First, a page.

Breast screening failings a “national scandal”
A medical negligence lawyer from Burnetts has described the government’s breast screening failures as “a national scandal”.
Lynne Hall, an Associate Solicitor at the firm, is a specialist in medical negligence with expertise in delayed and mis-diagnosis of cancer.
Her comments follow the Health Secretary’s announcement yesterday in the House of Commons that 450,000 women in England, aged between 68 and 71, had not been invited for routine breast screening appointments since 2009.
Jeremy Hunt revealed that a computer glitch dating back to 2009 had meant that many women in this age group were not invited for their final screening. In England women aged 50 – 70 are invited to attend three yearly routine mammograms to screen them in the early detection of breast cancers. Jeremy Hunt said that that between 135 and 270 women had their lives “shortened” as a result of the error but it is not known whether an earlier diagnosis resulted in avoidable deaths. He apologised to the women and their families and announced that an independent review had been launched.
Lynne, who was one of the legal team advising 20 breast cancer patients following the breast screening failures at North Cumbria University Hospitals NHS Trust in 2010/11, said, “This is probably the worst cancer scandal women in England have ever faced. It is completely unacceptable and for it to have taken almost a decade to realise the mistake is truly shocking. It is the clearest example of a systemic failure that I have come across in my 20 year career. Almost half a million women have been affected and there must now be urgent follow up. Safeguards should have been in place to ensure that this did not happen - I find it astonishing that there is no back up when something like this occurs.”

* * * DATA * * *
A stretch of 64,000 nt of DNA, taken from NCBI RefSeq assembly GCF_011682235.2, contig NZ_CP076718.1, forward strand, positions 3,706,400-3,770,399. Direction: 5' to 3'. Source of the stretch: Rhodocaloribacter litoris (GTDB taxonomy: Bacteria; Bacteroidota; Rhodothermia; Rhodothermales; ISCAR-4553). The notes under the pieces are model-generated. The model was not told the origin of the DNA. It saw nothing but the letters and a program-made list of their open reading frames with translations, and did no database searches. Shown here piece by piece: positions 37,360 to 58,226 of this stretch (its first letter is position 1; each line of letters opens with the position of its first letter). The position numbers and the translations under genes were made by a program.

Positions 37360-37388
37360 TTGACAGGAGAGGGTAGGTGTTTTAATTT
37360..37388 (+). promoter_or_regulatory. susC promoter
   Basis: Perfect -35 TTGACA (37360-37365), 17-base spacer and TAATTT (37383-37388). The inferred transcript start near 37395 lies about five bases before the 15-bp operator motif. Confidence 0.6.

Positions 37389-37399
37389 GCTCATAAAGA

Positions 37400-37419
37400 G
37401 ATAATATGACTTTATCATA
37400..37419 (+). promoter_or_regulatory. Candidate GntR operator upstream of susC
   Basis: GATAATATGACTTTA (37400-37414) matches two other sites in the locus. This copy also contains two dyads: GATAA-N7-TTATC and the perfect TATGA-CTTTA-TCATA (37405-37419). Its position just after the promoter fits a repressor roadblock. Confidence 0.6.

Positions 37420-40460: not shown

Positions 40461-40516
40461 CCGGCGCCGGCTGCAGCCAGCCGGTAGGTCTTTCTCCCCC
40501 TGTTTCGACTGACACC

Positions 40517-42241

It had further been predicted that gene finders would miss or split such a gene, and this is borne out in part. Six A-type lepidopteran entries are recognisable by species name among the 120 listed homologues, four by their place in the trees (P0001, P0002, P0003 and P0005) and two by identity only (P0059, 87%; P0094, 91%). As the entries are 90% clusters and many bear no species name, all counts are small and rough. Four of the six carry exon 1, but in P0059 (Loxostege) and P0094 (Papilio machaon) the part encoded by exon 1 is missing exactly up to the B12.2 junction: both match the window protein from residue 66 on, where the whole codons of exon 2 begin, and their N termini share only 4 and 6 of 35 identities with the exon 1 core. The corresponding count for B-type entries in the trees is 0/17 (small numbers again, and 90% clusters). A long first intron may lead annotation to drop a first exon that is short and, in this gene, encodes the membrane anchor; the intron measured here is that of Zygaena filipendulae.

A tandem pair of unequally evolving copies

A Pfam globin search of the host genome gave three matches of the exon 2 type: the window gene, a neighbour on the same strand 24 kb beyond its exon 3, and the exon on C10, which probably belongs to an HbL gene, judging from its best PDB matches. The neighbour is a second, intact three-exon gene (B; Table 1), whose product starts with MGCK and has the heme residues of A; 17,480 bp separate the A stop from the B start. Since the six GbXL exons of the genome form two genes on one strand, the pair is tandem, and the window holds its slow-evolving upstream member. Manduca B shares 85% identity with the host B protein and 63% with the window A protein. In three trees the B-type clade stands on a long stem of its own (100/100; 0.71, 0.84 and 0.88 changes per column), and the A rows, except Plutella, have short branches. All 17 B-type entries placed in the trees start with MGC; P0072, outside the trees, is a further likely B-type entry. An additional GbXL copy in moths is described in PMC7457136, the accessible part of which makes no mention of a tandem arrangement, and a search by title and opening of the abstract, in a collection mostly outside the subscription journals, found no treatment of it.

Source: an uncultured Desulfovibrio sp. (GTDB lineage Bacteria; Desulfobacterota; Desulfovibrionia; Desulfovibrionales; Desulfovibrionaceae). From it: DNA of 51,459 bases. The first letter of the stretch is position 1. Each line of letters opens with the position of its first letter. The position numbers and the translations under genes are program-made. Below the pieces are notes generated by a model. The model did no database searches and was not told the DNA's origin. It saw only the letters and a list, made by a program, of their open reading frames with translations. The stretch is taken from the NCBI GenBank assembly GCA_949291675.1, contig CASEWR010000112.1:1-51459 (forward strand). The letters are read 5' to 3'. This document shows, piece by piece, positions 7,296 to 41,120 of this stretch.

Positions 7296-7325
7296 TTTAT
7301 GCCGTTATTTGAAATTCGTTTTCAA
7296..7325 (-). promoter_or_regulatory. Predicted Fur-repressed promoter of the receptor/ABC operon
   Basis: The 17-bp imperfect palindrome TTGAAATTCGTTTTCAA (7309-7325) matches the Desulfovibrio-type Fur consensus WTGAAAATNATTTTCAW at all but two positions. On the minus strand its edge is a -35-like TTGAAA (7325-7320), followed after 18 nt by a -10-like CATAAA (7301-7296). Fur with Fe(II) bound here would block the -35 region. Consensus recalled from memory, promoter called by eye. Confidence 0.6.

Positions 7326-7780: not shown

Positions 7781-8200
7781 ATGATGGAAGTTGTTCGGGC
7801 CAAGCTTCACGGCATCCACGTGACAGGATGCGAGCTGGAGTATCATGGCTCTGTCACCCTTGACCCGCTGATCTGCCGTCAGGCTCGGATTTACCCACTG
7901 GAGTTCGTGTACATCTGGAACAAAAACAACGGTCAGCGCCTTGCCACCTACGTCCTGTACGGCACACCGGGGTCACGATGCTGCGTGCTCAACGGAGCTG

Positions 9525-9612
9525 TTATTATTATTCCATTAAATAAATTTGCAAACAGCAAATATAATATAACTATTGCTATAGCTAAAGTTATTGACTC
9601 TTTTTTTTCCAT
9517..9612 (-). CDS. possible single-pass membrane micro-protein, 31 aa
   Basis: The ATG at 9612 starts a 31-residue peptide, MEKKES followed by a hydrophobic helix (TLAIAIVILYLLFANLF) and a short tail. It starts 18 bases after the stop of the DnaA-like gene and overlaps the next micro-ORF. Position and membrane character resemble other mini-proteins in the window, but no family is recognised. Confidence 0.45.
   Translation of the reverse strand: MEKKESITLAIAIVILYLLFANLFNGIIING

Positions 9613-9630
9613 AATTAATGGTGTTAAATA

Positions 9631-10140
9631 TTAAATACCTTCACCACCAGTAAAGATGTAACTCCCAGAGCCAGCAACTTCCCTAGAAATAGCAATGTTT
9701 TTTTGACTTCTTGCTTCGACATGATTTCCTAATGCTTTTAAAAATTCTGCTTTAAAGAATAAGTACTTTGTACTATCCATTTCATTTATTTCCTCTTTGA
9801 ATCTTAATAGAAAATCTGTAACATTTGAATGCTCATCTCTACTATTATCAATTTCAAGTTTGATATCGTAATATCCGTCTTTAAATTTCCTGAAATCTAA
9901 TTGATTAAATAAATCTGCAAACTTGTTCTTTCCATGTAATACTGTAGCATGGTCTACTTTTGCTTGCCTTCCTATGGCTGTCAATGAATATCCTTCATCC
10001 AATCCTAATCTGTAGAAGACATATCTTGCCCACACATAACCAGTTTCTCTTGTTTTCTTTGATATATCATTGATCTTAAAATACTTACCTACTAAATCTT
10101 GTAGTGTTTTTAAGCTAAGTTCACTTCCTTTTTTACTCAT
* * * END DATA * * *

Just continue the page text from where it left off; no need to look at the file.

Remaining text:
She continued “Breast cancer screening saves lives by ensuring that cancers can be detected and women can receive appropriate treatment as quickly as possible. Some women will have experienced serious delays and that is deeply worrying. Until the review has been concluded it is impossible to know the full impact, but I have no doubt that this will have led to lives being shortened and that is incredibly sad for the women and their families.”
Women with concerns have been advised to call the national helpline 0800 169 2692, but if they have immediate concerns about a suspicious lump or change in the appearance of their breast they should contact their GP without further delay.
For further information on Burnetts’ medical negligence team, contact 01228 552222 or visit the team's pages at www.burnetts.co.uk.All News